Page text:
By Prudence Minayo
Black Forest House is a popular bakery with an enviable clientele base. They make quality cakes and pastries that are affordable. The business is the brainchild of Alice Simba who loved baking from a young age and was able to transform this hobby to a business.
Here is her story as told by WoK.
Alice Simba grew up in a village in Kilifi. Growing up, she enjoyed cooking and baking. Together with her siblings, they would bake cakes on a jiko using locally available ingredients and sell them around the village. Raised in a large family also taught her a lot about hospitality.
A loved Hobby
She was not a fan of cakes baked in Nairobi and sought to create her own drawing inspiration from the cakes back home. At one point, she was a mother who had to go to work and attend college at the same time.
She would arrive in the house at 8PM and despite being tired, proceed to bake. The mother of three would walk across the street and use Ksh500 to buy charcoal, margarine, flour and other cake baking ingredients.
As she did not own an oven, she would proceed to bake a cake using the charcoal stove and cut it into slices. She would then sell the slices at Ksh50 to colleagues and people loved the taste.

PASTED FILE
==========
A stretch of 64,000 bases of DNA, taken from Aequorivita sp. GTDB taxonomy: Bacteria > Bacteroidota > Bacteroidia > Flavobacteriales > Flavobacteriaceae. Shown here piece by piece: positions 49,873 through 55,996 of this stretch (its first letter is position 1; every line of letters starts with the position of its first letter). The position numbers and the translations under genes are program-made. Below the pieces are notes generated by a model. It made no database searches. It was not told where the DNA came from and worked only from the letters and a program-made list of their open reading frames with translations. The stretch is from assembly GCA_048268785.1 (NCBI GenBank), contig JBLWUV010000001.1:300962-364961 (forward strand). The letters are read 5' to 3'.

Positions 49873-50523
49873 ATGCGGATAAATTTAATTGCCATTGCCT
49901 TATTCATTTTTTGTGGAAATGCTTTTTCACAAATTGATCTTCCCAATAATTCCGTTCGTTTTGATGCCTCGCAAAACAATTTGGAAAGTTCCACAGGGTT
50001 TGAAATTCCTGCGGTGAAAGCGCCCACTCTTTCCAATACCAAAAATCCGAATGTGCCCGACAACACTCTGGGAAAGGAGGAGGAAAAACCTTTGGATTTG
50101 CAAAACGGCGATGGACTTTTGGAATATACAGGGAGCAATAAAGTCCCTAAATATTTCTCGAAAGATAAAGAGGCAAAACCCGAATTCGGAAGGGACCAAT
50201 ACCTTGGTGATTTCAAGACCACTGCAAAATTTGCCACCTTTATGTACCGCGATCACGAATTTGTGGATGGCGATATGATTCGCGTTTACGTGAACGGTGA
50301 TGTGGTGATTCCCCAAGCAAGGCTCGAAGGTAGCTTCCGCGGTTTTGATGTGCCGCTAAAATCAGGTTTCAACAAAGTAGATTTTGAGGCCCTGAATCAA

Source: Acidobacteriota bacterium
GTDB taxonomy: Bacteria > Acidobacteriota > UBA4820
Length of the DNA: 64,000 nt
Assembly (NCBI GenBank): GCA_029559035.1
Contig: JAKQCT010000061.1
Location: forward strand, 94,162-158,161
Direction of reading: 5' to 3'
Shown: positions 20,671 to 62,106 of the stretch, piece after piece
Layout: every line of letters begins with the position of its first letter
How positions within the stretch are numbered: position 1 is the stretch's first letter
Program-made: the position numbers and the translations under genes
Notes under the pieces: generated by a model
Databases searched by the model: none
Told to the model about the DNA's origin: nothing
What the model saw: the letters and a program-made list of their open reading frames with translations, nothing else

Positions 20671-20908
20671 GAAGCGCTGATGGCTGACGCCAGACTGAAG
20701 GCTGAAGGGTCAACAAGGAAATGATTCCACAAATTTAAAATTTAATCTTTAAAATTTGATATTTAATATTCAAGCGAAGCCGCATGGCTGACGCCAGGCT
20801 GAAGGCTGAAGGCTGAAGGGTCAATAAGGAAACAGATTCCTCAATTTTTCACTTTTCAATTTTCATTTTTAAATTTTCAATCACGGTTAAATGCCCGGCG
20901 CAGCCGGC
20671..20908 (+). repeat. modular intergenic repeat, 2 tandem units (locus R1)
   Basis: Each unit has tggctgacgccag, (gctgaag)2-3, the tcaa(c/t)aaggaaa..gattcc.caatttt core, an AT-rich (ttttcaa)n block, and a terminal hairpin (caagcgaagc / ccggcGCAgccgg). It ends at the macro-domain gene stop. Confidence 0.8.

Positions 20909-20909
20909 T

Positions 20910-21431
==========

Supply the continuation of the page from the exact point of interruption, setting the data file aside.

Her first job taught her a lot about customer care, especially when it came to catering to their different demands and characteristics. She worked in the Human Resource department of an oil company.
In 2008, she decided to leave employment and pursue her baking passion. With support from her husband, the Black Forest House opened for business along Koinange street. She named it Black Forest as it is one of the most favorite cake among Kenyans.
So far, they make over fifteen varieties of the forest cakes and other pastries, such as pies and cookies.
In a past interview on KTN, she said what has helped her a lot is delegating responsibility and empowering those who work with her. She has also cultivated a good relationship with her bank and it has helped the business a lot. The bank has really helped her in terms of capital injection
“I prayed and took a leap of faith and this was an opening. I then talked to my husband and he saw the potential of the business. We put structures together and set off. After a while, our bank saw the viability of our business and gave us a loan to expand our operations with a capital injection of around Sh2 million,” she was quoted by a local daily.
Apart from baking, BlackForest house also teaches those with a love for baking including children.